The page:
||21 April 1976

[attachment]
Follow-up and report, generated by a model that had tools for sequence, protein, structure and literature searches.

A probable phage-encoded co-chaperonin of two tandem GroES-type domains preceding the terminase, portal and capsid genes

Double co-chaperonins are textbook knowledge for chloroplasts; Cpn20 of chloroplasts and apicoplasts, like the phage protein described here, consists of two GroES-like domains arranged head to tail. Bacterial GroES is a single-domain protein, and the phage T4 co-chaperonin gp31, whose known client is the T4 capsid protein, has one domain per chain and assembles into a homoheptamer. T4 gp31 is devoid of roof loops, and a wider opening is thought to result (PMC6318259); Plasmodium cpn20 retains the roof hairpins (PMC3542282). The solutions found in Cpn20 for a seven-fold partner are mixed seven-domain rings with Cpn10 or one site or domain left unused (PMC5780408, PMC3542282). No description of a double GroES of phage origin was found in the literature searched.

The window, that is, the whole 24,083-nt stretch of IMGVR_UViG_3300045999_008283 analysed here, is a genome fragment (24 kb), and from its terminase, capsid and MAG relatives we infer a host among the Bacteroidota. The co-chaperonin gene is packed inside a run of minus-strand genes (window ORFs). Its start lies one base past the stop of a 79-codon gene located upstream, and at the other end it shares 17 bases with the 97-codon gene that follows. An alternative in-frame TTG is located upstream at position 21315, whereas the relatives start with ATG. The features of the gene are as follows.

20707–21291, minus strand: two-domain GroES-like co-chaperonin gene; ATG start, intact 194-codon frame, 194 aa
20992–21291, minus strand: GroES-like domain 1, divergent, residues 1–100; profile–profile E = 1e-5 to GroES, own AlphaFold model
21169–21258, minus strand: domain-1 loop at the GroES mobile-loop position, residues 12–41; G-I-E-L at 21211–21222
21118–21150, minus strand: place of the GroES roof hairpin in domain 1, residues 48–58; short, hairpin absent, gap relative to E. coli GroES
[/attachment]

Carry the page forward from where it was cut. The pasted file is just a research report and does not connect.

With the imposition of a one-year ban on him for a suspect bowling action in December 2005, Shabbir Ahmed's career will forever be blighted. He was called after the first Test against England in Multan, the second time in a year and worryingly, the fourth time in his short career. And it will remain a shame for Shabbir's career thus far held a good deal of promise. Not only did he become the joint-fastest Pakistani bowler to 50 Test wickets (with Waqar Younis in 10 Tests), but as a tall (6'5"), gangly fast-medium bowler Shabbir is moulded from different materials altogether than most Pakistani fast men. He extracts a great deal of bounce, even on lifeless wickets, and bowling from close to the stumps - much like Glenn McGrath - allows him to stick to a tight wicket-to-wicket line. He seams and cuts more than he swings, often sharply and both ways and is a sound exponent of reverse swing. He was express when he made his ODI debut, picking up three wickets but he was immediately reported - and has since reduced his pace considerably. His Test career began in impressive style as well with an eight-wicket haul against Bangladesh in Karachi, on a track that offered no assistance to the pace bowlers and in most performances since, around the world, he has picked up wickets and stemmed the flow of runs. A genial, unassuming character who started playing cricket as a batsman, his laidback personality only enhances the poignancy of what has happened to him.